• Study the famous paragraph from ‘For the Fallen’ by Robert Laurence Binyon:


For the fallen poem


  • Line by line, explore the meaning of the poem. Ask children to look for examples of rhyming words, explore the number of syllables, ask them to explain how it makes them feel.
  • Challenge children to memorise a line each of the poem in groups of four. They then practise and perform this section of the poem in their group.


KS2 Remembrance Day Poetry:

  • Study ‘In Flanders Fields’ with your class (you can find a free copy of this here).
  • Read the poem to the children and spend some time discussing how it makes them feel.
  • Identify unfamiliar words (such as lark, scarce, quarrel, foe and ye). Challenge children to use a dictionary to identify the definitions of these words, then write a new sentence for each word.
  • Focus on the first stanza of the poem. What do you see in your mind’s eye when you read this poem? Challenge children to draw or paint a picture to reflect what they see when they read this verse.
  • Read the whole poem through to identify the rhyming structure of the poem. Which lines rhyme with each other? Does the pattern change throughout the poem? Challenge children to write their own World War 1 poem using the same rhyming structure as ‘In Flanders Fields’.
  • Look at the final stanza of the poem in more detail. What is it saying? What is the author suggesting? How could you use this stanza to explain why Remembrance Day is so important?

Teachers: Download our Remembrance Day Poetry sheets for free. 

Make a War Memorial

Most towns and cities in the UK have a war memorial to commemorate those from the local area who have lost their lives in battle. Arranging a visit to a local war memorial is a great Remembrance Day activity and a chance for children to gain an understanding of how war affects people and communities.


Wreaths and flags on The Cenotaph in Whitehall, London

Visit a local war memorial with your class

Spend some time looking at some different examples of war memorials, noting common features, symbols and epitaphs. Then, challenge children to design and make their own war memorial using clay.



Make Anzac Biscuits

Remembrance Day isn’t just commemorated in the UK. Countries such as Canada, Australia, France, Belgium and the Cayman Islands also dedicate a national day to remember those who fought for their countries.

In Australia and New Zealand, ANZAC (Australian and New Zealand Army Corps) biscuits are traditionally baked and eaten on Remembrance Day. These biscuits were sent by women at home to soldiers who were fighting overseas during World War 1. This was because the biscuits did not go stale quickly. Today, these biscuits are eaten as an act of remembrance.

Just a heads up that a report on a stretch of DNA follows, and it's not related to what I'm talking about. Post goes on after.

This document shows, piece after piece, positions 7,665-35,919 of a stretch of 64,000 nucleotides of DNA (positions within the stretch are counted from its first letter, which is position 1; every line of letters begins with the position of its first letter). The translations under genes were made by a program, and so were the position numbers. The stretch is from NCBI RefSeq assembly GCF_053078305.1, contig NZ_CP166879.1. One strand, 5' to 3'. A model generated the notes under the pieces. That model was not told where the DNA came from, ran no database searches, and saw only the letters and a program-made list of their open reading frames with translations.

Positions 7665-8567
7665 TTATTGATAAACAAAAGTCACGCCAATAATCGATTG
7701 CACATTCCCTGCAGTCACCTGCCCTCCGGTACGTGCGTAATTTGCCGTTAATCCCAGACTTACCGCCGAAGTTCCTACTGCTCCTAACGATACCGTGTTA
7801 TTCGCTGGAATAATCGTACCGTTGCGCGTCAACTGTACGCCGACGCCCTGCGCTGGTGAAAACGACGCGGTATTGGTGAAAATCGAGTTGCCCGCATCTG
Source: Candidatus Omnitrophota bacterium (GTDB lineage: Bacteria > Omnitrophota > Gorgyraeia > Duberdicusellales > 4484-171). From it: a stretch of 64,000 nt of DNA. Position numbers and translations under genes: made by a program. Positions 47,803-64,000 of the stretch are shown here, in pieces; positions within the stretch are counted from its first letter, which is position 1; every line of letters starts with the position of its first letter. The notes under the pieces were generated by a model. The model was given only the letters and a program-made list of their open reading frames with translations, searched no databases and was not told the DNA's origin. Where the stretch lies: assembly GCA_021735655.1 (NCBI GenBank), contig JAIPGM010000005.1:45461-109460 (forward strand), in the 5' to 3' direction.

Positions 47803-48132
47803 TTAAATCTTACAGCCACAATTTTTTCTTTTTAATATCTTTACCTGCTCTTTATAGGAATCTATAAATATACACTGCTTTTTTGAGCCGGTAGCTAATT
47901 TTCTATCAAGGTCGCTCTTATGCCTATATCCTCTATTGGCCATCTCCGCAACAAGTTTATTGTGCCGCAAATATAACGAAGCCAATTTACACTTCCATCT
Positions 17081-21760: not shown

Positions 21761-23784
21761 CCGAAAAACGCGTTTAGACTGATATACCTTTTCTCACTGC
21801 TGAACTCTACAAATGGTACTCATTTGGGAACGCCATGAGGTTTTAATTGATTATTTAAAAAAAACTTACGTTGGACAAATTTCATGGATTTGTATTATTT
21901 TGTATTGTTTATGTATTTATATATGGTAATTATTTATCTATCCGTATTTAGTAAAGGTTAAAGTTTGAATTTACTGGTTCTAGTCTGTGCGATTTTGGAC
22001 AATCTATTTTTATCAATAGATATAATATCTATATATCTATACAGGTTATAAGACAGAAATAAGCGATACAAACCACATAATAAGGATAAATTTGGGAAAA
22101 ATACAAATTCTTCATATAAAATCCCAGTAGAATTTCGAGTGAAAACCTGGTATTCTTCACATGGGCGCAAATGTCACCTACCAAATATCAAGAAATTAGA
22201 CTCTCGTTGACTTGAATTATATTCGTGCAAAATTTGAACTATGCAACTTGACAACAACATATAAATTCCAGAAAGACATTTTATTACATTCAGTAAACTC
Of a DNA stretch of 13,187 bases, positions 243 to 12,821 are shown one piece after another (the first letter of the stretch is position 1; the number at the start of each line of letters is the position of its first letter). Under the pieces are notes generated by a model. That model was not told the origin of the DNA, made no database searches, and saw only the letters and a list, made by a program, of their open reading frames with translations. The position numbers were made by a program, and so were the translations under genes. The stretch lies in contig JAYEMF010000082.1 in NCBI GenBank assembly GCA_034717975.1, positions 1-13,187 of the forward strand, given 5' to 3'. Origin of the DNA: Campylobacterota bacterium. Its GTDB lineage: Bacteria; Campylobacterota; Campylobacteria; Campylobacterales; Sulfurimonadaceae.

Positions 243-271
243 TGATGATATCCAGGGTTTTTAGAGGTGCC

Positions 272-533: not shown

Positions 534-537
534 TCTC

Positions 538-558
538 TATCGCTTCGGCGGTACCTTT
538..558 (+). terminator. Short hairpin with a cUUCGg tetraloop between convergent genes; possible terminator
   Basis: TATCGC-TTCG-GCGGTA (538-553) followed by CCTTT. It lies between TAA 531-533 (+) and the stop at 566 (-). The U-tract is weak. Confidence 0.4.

Traditional ANZAC biscuits 

Baking Anzac biscuits with your class is a fun Remembrance Day activity


Check out this easy Anzac biscuit recipe to try them out with your class.



Visit a War Museum

Visiting museums can offer rich learning experiences that are almost impossible to replicate in the classroom. The UK is lucky to be home to many impressive war museums that can engage children in military history and offer them a deeper understanding of the sacrifices made by the armed forces since the First World War.

Arranging a trip to the Imperial War Museum London, the IWM North, Churchill War Rooms or any of the many other war museums is a great way to put the world wars into context for your class.



Invite a Veteran

Inviting a war veteran to come and talk to your class about their experiences can be an invaluable Remembrance Day activity for your class. It may be unlikely that you will be able to get a WW1 or WW2 veteran to relay information about their experiences during these wars, but having a member of the armed forces today coming in to explain what their job entails and the sacrifices they have to be prepared to make will help your class understand more fully the sacrifices made by fallen soldiers.

Prepare children beforehand for this visit by challenging them to think of all the questions they might want to ask this visitor, then get them to whittle the list down to their favourite two or three questions. As a class, you can then collate these so you have a list of interesting questions ready to ask before your special visitor arrives.


Teachers: Check out all our Remembrance Day activities, including ready-to-teach lessons, writing frames, word searches, craft ideas and more!